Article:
In the United States, an IRA is an Individual Retirement Account which allows individuals to put aside money for retirement.
The context “self-directed” means that you have complete control over selecting investments made through your IRA. Given the tax benefits associated with these retirement accounts, directing your IRA to invest in alternative assets, such as private stock and secondary placements, offers a tremendous portfolio investing strategy.
Internal Revenue Service (IRS) regulations require that a qualified trustee, or custodian, hold IRA assets on behalf of the IRA owner. The trustee/custodian provides custody of the assets, maintains other records pertaining to them, processes all transactions, files required IRS reports, helps clients understand the rules and regulations pertaining to certain prohibited transactions, and performs other administrative duties on behalf of the self-directed IRA owner. Self-directed IRA custodians are equipped to handle the increased complexity of documentation required for transactions involving alternative investments.
The Internal Revenue Code does not describe what a self-directed IRA can invest in, only what it cannot invest in. Some of the additional investment options permitted under the regulations include real estate, stocks, mortgages, franchises, partnerships, precious metals, private equity, and tax liens.
Investing with a self-directed IRA isn’t much different than investing outside of an IRA. There are three simple steps:
1. Identify Your Investment
Once you find an investment that you are interested in, you need to send the offering documents to your IRA administrator so they can review the materials. They need to do their due diligence to make sure it fits the criteria.
2. Process the Investment and Request Funds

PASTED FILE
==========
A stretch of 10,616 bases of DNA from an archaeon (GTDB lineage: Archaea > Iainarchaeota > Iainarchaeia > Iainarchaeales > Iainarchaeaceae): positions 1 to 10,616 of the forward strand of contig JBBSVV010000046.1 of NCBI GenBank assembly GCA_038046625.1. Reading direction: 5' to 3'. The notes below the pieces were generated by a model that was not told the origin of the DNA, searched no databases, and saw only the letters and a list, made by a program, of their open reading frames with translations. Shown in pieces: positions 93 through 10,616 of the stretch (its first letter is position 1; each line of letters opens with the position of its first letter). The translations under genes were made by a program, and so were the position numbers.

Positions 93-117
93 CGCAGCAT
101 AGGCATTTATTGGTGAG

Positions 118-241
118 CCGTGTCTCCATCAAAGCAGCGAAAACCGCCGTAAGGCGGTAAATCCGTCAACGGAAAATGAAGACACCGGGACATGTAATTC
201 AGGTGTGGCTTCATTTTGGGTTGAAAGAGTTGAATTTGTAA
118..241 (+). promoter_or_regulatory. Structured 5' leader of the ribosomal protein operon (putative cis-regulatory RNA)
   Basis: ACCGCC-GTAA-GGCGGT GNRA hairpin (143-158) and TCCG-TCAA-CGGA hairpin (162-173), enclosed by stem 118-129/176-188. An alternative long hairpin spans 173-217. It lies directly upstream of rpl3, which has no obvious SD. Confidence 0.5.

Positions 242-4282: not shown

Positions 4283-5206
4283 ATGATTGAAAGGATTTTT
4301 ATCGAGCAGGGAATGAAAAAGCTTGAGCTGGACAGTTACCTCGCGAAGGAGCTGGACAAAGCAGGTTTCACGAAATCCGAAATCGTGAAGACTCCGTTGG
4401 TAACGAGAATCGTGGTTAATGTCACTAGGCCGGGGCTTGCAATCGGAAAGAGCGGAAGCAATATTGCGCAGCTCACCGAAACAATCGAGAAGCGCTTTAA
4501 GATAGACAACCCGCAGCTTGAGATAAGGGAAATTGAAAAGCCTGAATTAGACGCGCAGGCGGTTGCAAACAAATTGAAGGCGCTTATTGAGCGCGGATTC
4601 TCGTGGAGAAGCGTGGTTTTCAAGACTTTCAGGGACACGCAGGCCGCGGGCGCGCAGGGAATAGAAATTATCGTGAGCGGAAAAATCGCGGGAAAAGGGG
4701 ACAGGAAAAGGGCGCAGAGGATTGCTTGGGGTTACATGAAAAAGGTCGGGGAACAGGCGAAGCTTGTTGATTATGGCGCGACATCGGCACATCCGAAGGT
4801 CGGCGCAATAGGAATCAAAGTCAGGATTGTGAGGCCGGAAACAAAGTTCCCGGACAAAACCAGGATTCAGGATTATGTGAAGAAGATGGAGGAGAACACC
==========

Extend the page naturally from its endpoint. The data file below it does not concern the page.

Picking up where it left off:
When your IRA custodian approves the investment you can fill out the investment information and submit it for funding. Once the forms are accurately completed, the funds will be sent from your IRA for the investment based on your specifications. All records pertaining to the investment (such as real estate deeds, original notes, operating agreements for LLCs) are retained by the IRA custodian.
Manage and Sell the Investment
Once your IRA owns the investment all expenses and profits related to the investment must come from and return to the IRA. Funds from the sale of the investment return to your self-directed IRA tax-free but remember investments held within your self-directed IRA are not guaranteed.
MicroVentures is an equity crowdfunding platform enabling individual accredited investors to make equity investments in startup and early stage businesses. MicroVentures conducts extensive due diligence and provides detailed profiles of each company we select as an investment opportunity. Potential investors are able to review the profile and solicit questions, which will be answered by one of our Series 7 licensed brokers.
MicroVentures pools the funds from each of the investors into a single limited liability company (“LLC”). Each of the investors becomes a member of the LLC allocated based on their percentage participation in the pooled fund. MicroVentures then uses the aggregate funds in the LLC to make an investment in the company or venture featured in the offering. The LLC is issued equity, a convertible note or other investment securities.
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